11/20/2010 10:04:28 AM
PhotoShop is a great tool.  It allows us to clean up our digital images, make many of the changes that could be done in the film darkroom, and manipulate images for our enjoyment.  For the last few days I have been experimenting with PhotoShop to get a better understanding of some of the basic features of this powerful tool as well as learning some of the features that I seldom use with my photography.
So far I’ve been pleased with my results but it also raised some questions that I believe need to be considered by all PhotoShop users. The two photographs below were made by combining two or more images into a single final image.

 

The first, which I call “The Cow Jumped Over
the Moon” is clearly a whimsical PhotoShop creation rather than a “true” photograph. It was created by combining two images, the moon and a hot air balloon photographed earlier this year.

While it may not be quite as obvious, the second photograph, Balloons, is also a composite combining five images taken several years apart.

Although these images are only for my personal use, I wondered what disclosure would be necessary if the photographs were sold to others or used for some commercial purpose. Should the photographer disclose how the composites were made or should they simply assume that the viewer recognizes that the truth has been modified? More importantly, do the same rules apply when even simpler edits are made to an image such as adjusting the color balance, converting a color original to black-and-white, or even cropping an image for emphasis? Many times similar changes could be made in a film darkroom without any disclosure. Does the fact that we are working with a digital image introduce new rules or do the old rules still apply? What are the rules that should be followed?

I'm not sure there are any hard and fast answers to these questions.  Each photographer will probably need to make their own decisions on a case-by-case basis

The Venerable Photo Album
11/20/2010 10:04:28 AM
How many of us remember the typical photo album dating back to at least the 1950’s and probably even further. An oversized cardboard cover, black pages with uneven edges, and lots of snapshots held in by black paper photo corners. Later the photo album evolved to clear plastic over thicker pages with a sticky surface and even later to clear plastic held in place by static tension.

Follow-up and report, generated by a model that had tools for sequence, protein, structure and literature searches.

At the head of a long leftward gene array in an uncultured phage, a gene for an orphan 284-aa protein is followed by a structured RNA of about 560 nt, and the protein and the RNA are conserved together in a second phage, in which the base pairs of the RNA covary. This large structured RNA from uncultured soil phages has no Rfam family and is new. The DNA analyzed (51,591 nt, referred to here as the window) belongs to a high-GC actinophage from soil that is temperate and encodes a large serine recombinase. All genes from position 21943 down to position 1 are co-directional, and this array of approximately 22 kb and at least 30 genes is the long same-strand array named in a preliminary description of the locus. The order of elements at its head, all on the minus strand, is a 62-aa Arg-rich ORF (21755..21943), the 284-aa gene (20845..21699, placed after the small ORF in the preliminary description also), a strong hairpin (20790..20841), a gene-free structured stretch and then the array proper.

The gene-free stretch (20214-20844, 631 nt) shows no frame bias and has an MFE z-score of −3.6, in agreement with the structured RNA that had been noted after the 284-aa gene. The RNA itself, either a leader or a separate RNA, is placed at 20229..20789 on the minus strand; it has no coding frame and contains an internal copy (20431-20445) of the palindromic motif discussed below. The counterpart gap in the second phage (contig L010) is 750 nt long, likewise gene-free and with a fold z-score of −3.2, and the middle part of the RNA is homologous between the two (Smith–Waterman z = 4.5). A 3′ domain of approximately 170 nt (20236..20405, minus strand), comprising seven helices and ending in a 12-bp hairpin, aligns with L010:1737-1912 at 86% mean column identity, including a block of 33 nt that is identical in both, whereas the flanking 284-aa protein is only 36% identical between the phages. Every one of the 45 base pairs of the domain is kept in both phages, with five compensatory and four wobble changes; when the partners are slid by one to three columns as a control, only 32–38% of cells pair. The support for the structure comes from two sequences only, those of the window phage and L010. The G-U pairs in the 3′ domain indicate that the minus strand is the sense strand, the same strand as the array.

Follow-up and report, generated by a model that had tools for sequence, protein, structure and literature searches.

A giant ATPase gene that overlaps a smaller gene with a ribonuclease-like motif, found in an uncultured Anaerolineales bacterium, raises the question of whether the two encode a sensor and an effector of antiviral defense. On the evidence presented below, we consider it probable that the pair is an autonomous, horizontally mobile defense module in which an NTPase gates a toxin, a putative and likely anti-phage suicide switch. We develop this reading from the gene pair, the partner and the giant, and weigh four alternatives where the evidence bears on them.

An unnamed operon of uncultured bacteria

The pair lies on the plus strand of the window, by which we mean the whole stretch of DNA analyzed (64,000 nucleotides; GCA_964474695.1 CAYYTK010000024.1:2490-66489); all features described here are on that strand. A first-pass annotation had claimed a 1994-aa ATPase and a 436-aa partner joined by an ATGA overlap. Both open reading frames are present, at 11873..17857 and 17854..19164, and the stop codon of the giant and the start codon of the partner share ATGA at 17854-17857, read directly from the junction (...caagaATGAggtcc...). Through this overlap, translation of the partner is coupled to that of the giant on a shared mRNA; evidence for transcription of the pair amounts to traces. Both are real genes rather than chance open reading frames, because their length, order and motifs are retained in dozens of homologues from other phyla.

While these older albums were used by our parents and grandparents for years to hold their snapshots, and even by some of us today, they are no longer the ideal way to store our photographic memories and art.
One problem is the size and shape of the albums. Typically, they could not be stored on a shelf with other books and needed to be stored lying on their back. Because of the space this required, albums were often relegated to a closet shelf or other out of the way location. Another problem is that albums usually contained photos of different subjects, different times, and had no real organization.
With today’s emphasis on digital photography, some photographers print very few of their images. If they want to share the images with others they do so electronically. While this works extremely well, there are also reasons for printing images, for example to share with friends or relatives who do not have internet access. While we can print all of our images the same size we may want to have different sizes of prints for any of a number of reasons.
An attractive alternative to the photo album is the photo book. There are a variety of sources for these books but almost all offer a standard set of features. The photographer selects the images they want in the book, the book cover, the layout and background for pages, the number of photos per page, and the number of pages in the book. Most publishers include a base number of pages in their basic price and the photographer can add more pages as needed. Some publishers offer different sizes of books and several different color options.
These choices give photographers almost unlimited options for printing and sharing their photographs. Books can be published with photos of special occasions (a child’s birthday), different subjects (wildlife or flowers), or to meet almost any other need.
Photo books are available from a number of sources on-line and may be available through local photo stores. Three popular publishers are MPix (www.mpix.com), Shutterfly (www.shutterfly.com), and My Publisher (www.mypublisher.com). Other sources and products can be found in most photography magazines or through a web search for “photo books”.